Sailing Through the Choppy Waters of the Hidden Economy
WHY YOU SHOULD CARE
Because an intensely competitive spirit lies behind success in any field.
By Steven Butler
When I sit down at the desk opposite Bryon Ehrhart, the first thing I notice are four quarters in a straight line, perpendicular to our line of sight — my first clue to the precise mind at work. Then, when I start asking questions about his career, he tells me — to the day — when he joined Coopers & Lybrand, now part of the giant PricewaterhouseCoopers, as an accountant in 1986. He also recalls, to the day, in 1994, when he joined the company that he’s since helped build into the largest reinsurance broker in the world, with $1.5 billion in revenue, compared with $30 million when he started.
Today Ehrhart is CEO of AON Benfield Americas, which he joined in the wake of the devastation to the insurance industry in Florida caused by Hurricane Andrew in 1992, and by the Northridge earthquake in California just two weeks before he started. “I made a career bet that it would be interesting,” he says. Indeed, with the precision with which he lines up quarters or remembers dates, Ehrhart figures out how to methodically conquer his chosen world, whether it be insurance or sailing (more on that later). “Winning is addictive,” as he puts it.
Mother Nature has an age discrimination policy against sailors, and I’m running up against that.
Reinsurance? It’s one of those essential organs of the world economy that maybe you’d rather not think about, like the liver or the kidneys, and one you don’t have to think about so long as it’s busy cleaning up gunk. Insurance companies issue policies to cover risk, from automobile accidents and natural disasters to a financial meltdown. But in order to avoid getting pulverized by an unforeseen disaster of huge proportions, insurance companies take some of that risk and sell it to a secondary market of reinsurers and, increasingly, to hedge funds or pension funds in search of a higher return on their investments. Pension funds, for example, were able to pull in a return of nearly 10 percent in the past decade on hurricane bonds. Of course, that higher return comes from a bet that hurricanes won’t blow down too many houses.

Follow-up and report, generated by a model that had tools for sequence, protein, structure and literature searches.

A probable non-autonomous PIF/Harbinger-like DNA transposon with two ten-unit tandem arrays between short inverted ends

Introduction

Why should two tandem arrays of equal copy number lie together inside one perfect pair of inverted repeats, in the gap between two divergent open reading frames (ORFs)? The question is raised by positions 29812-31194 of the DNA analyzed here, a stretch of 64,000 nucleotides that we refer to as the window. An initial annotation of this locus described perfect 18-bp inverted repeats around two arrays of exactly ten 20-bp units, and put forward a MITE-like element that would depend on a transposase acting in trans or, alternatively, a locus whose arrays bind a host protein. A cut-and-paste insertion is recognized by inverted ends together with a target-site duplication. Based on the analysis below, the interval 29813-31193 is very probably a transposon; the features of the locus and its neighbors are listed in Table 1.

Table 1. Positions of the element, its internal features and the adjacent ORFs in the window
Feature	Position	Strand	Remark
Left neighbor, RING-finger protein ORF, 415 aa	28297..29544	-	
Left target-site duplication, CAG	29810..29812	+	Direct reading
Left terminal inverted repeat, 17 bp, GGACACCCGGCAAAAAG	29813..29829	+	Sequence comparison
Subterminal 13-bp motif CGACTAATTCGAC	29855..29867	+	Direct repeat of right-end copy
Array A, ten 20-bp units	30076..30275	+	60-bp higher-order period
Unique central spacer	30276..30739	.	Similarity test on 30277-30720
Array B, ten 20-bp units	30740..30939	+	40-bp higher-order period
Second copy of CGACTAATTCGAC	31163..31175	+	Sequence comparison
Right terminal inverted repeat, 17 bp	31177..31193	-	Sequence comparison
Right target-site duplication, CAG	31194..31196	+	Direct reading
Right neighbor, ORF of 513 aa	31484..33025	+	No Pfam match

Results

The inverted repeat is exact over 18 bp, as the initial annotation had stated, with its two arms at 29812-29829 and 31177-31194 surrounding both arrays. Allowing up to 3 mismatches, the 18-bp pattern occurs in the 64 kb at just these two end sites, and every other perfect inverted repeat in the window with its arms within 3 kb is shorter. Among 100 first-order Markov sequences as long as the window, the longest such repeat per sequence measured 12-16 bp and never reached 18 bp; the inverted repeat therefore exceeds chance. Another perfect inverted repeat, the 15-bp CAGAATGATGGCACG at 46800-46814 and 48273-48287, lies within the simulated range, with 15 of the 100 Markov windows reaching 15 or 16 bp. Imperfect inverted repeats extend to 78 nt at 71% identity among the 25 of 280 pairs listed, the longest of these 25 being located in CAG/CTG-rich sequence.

That’s what Ehrhart and his company do, find buyers for those secondary risks. And the entry of hedge funds and pension funds into the reinsurance business, dubbed alternative capital, has radically changed the game for AON and everyone else, sharply driving down rates — by half in two years — and sending Ehrhart scrambling to find new risky stuff that someone’s willing to insure for the right price, like mortgages, or variable annuities, where promises made years ago might be hard to keep in today’s financial markets. You can price and sell most any risk so long as you can measure it precisely enough, which is where Ehrhart made his mark in Aon, running the analytics division of the company for years.
Despite his penchant for precision, Ehrhart’s not a stuffy guy in the least. Tall, athletic and youthful at 51, he wears a trim slate-blue suit with a striped tie — and a sports watch for our meeting at his New York office. Master of the universe during the week, he’s a hockey dad on weekends, driving his middle child, a 12-year-old son, to as many as three games in the Chicago area. This dyed-in-the-wool Midwesterner is up at 4:45 every morning, for a half-hour, 6-mile trek on the treadmill, and also takes another sports obsession — sailboat racing — quite seriously. Ehrhart owns a 63-foot racing yacht named Lucky that won the 2015 Transatlantic Race, from Newport, Rhode Island, to Cowes, on the Isle of Wight in the U.K.
But that competition — with 15 men, on four-hour shifts, clocking in at eight days, 21 hours, 34 minutes and 4 seconds — could prove to be his crowning achievement in the sport. “Mother Nature has an age discrimination policy against sailors, and I’m running up against that,” he says. So it will be back to golfing, which, of course, he’s also played competitively. Ehrhart is plainly going to miss sailing, which he calls a microcosm of business — of teams working together intensely. “Almost every race I come back with some insight into group dynamics,” he says. “You like to win, and form a great team of people who know what they are doing.”